This study questions the assumption that a majority of nonmusicians pay attention to key when not specifically directed to do so. The question asked was "what do people hear," rather than "what can people hear." Musicians and nonmusicians listened to a song sung in a different key from its accompaniment. There were no other differences in the music stimuli. Subjects were asked what differences, if any, they heard. In other words, left to their own devices would listeners pay attention to and report the bitonality of the excerpt? Although 100% of the musicians heard the clash of keys, only 40% of the nonmusicians indicated that they heard the difference in keys between singer and accompaniment. Of these, half also mentioned nonexistent differences, for example, in instrumentation, dynamics, and tempo.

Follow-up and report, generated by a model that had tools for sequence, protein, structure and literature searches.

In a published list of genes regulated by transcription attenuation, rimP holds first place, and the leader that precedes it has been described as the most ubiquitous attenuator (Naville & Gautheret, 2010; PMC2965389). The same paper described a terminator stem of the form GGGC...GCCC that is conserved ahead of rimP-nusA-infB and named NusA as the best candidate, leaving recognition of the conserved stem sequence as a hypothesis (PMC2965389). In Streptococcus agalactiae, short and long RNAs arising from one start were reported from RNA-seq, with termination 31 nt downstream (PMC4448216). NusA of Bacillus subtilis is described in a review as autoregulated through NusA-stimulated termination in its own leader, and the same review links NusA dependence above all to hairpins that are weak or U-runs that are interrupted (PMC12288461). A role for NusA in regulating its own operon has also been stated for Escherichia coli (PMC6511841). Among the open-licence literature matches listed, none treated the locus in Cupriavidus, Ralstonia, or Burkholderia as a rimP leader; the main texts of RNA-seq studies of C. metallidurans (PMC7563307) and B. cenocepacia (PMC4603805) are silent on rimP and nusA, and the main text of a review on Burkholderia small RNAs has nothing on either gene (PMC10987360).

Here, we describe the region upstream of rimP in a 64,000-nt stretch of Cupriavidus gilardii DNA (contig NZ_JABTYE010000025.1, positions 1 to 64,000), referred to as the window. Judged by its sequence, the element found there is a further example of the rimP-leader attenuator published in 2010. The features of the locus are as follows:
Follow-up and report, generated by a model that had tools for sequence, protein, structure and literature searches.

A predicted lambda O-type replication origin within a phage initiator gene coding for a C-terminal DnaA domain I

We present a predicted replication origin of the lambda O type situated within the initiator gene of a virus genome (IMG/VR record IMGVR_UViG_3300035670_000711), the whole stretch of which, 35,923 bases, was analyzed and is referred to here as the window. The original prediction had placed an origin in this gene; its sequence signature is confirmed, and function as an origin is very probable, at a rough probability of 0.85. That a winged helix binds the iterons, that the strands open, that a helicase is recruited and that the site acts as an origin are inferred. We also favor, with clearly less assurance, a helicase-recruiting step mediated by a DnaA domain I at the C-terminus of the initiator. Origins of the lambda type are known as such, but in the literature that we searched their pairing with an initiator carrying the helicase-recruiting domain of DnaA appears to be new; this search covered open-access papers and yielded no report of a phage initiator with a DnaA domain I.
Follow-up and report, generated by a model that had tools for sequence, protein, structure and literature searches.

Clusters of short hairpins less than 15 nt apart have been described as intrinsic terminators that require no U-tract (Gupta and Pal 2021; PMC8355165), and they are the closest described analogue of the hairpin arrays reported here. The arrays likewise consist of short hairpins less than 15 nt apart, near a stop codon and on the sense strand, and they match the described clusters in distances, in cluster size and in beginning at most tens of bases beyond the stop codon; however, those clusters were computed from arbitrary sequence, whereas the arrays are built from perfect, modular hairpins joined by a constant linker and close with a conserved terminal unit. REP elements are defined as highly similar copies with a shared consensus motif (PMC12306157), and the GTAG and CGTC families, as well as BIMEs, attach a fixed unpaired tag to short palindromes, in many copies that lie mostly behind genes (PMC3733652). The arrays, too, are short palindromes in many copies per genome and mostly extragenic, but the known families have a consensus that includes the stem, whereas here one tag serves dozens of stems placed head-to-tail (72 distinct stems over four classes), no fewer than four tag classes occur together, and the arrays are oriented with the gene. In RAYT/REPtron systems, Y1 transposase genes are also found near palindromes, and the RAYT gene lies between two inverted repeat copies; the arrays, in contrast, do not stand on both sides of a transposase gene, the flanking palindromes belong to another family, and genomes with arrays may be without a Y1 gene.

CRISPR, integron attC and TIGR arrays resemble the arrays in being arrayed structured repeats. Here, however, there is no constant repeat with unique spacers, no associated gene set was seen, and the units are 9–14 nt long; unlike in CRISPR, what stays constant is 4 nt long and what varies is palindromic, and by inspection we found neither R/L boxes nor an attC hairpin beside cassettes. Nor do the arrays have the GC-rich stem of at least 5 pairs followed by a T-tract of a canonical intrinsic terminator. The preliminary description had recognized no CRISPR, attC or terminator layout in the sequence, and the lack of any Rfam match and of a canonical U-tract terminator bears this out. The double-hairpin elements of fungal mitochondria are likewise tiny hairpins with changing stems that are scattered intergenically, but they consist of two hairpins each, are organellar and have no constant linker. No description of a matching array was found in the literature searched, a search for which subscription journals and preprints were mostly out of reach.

This study examined the salience of instrumentation over melody and harmonic accompaniment in identifying music excerpts. Musicians and nonmusicians were tested on match-to-sample recognition tasks. In the first task, subjects were asked to choose which resembled the model more: (a) identical melodies played with instrumentation different from the model, or (b) different melodies played with the same instrumentation as the model. In the second task, the same melodies were played, this time with harmonic accompaniments. Again, subjects were asked to choose between: (a) identical melodies played with different instrumentation, or (b) different melodies with the same instrumentation as the model. In the third task, subjects were asked to choose between: (a) a melody and its accompaniment played in a different instrumentation from that of the model, or (b) a melody and its accompaniment played in the same instrumentation as that in the model, but with the accompaniment played in the key that was dominant to the key of the melody. Ninety-five percent of the nonmusicians chose instrumentation over melody and harmonic accompaniment as the salient cue for recognition. Musicians always chose melody and harmonic accompaniment over instrumentation. These findings indicate that untrained listeners do not share or perhaps use the same cognitive schemata as trained listeners do. Further, the assumptions held by musicians that melody and harmonic accompaniment define the essential structure of much Western music, while instrumentation is cosmetic, may not be shared by nonmusicians.